Unknown future for Travel Compensation Fund

The recent meeting of Ministers for Consumer Affairs decided there will be consultation with stakeholders between now and December 2012 on a “Transition Plan” which could involve major changes to or even the scrapping of the Travel CompensationFund (TCF). The TCF compensates consumers who suffer loss when a travel agent collapses.

This decision follows a campaign by several members of CFA for consultation on the issue. Consultation was promised in mid 2011 but has never happened. CFA supported the member campaign by sending a letter to every Minister for Consumer Affairs urging that there be consultation before any final decisions on the future of the TCF.

Consumer groups do not agree with all of the conclusions in the Communique issued by Ministers following their July 6 meeting. Any “Transition Plan” should not result in reduced consumer travel industry protection and should also consider problems across the travel industry not just in relation to travel agents.

The Communique said:

“Ministers present at the Meeting of Ministers for Consumer Affairs acknowledged the Travel Compensation Fund (TCF) had played an important role in protecting consumers in the past. However, Ministers agreed that the TCF could not continue to be the primary vehicle for consumer protection in the travel market. There have been both fundamental changes in the market and recent legislative arrangements entered into between the States, Territories and Commonwealth, in particular the strengthened legislative protections under the Australian Consumer Law (ACL).

Ministers also noted that the current arrangements are not satisfactory. In particular, only about a third of affected consumers have any redress under the scheme and more money is being spent on the administration of the scheme than is being paid out to consumers. There has been extensive consultation about the role of the TCF over the last 4 years following concerns about coverage of the market and the relevance of the TCF for consumer protection. A range of options has been identified but there has been a general acceptance that the current system is a significant regulatory burden with declining benefit. Ministers also note that the larger jurisdictions signalled that in the absence of an agreed transition plan, they would withdraw from the TCF. This may mean that the TCF may no longer be viable.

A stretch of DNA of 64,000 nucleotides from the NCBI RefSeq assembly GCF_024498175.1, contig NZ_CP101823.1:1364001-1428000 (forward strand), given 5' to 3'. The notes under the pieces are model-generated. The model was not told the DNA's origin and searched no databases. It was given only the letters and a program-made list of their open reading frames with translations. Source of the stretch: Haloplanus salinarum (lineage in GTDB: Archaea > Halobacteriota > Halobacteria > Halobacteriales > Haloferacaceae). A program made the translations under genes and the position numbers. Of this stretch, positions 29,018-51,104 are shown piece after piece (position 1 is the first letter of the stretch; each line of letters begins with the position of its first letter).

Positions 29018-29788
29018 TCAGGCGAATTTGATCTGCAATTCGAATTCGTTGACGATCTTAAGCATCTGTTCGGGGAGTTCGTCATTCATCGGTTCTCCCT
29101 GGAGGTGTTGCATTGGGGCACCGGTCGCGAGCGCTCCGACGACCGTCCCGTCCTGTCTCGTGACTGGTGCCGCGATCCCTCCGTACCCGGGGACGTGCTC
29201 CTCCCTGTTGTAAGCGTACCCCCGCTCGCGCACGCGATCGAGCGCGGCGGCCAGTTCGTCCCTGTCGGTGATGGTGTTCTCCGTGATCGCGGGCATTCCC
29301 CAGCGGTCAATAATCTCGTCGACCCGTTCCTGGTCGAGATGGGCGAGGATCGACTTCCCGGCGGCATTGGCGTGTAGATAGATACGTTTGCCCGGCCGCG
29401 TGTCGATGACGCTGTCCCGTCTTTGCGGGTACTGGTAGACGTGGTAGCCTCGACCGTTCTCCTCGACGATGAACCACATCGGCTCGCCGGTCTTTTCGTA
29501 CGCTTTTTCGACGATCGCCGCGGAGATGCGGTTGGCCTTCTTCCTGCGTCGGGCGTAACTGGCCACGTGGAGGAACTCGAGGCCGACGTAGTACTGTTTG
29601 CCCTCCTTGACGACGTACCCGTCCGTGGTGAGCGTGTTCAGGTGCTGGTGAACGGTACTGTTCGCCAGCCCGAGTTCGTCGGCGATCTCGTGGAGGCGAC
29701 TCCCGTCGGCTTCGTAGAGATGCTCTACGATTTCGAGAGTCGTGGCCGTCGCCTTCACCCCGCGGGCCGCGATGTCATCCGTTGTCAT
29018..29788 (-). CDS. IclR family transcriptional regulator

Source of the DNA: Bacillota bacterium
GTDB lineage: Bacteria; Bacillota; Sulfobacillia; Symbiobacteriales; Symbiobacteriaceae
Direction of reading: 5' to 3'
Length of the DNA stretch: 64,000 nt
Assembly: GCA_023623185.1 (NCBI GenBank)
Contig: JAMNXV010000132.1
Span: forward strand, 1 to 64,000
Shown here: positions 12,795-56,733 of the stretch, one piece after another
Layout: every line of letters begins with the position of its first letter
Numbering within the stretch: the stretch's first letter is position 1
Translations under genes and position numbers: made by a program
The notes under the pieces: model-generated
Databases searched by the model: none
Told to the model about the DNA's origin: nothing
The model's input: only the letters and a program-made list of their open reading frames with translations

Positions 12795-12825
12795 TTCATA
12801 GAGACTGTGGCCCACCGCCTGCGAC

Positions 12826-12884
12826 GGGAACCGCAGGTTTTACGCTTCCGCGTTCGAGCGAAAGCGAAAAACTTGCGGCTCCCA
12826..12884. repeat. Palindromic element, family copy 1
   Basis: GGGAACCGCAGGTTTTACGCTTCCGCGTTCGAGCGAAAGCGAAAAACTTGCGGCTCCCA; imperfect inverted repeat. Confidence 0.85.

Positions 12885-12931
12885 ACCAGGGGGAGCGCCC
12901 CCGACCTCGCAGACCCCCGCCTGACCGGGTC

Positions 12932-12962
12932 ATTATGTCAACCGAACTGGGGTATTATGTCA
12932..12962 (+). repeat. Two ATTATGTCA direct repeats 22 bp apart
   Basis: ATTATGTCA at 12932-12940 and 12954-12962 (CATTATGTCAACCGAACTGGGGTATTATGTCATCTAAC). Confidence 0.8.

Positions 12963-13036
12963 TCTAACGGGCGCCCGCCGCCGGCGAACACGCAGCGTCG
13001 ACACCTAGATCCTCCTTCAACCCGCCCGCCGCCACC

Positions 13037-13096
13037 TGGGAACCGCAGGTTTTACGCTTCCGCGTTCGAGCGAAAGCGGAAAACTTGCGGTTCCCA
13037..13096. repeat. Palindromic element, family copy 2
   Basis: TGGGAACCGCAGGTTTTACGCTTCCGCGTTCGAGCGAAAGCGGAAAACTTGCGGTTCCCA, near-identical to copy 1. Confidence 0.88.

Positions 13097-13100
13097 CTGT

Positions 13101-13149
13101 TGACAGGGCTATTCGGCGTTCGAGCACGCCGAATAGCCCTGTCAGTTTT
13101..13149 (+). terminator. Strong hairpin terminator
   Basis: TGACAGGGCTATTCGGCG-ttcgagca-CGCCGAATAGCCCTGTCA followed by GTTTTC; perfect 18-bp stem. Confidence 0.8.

Ministers have received from officials a draft plan of transition from the existing arrangements to ensure that consumers continue to be protected in the travel market. Ministers intend to release a draft transition plan and invite comments and suggestions from interested parties. Ministers committed to consultation with all interested parties, including industry and consumer groups during the development of the final transition plan. Ministers agreed to receive a final transition plan with the intention that the plan be determined at the December meeting of Consumer Affairs Ministers in Sydney in December 2012.”

Ian Jarratt

Queensland Consumers Association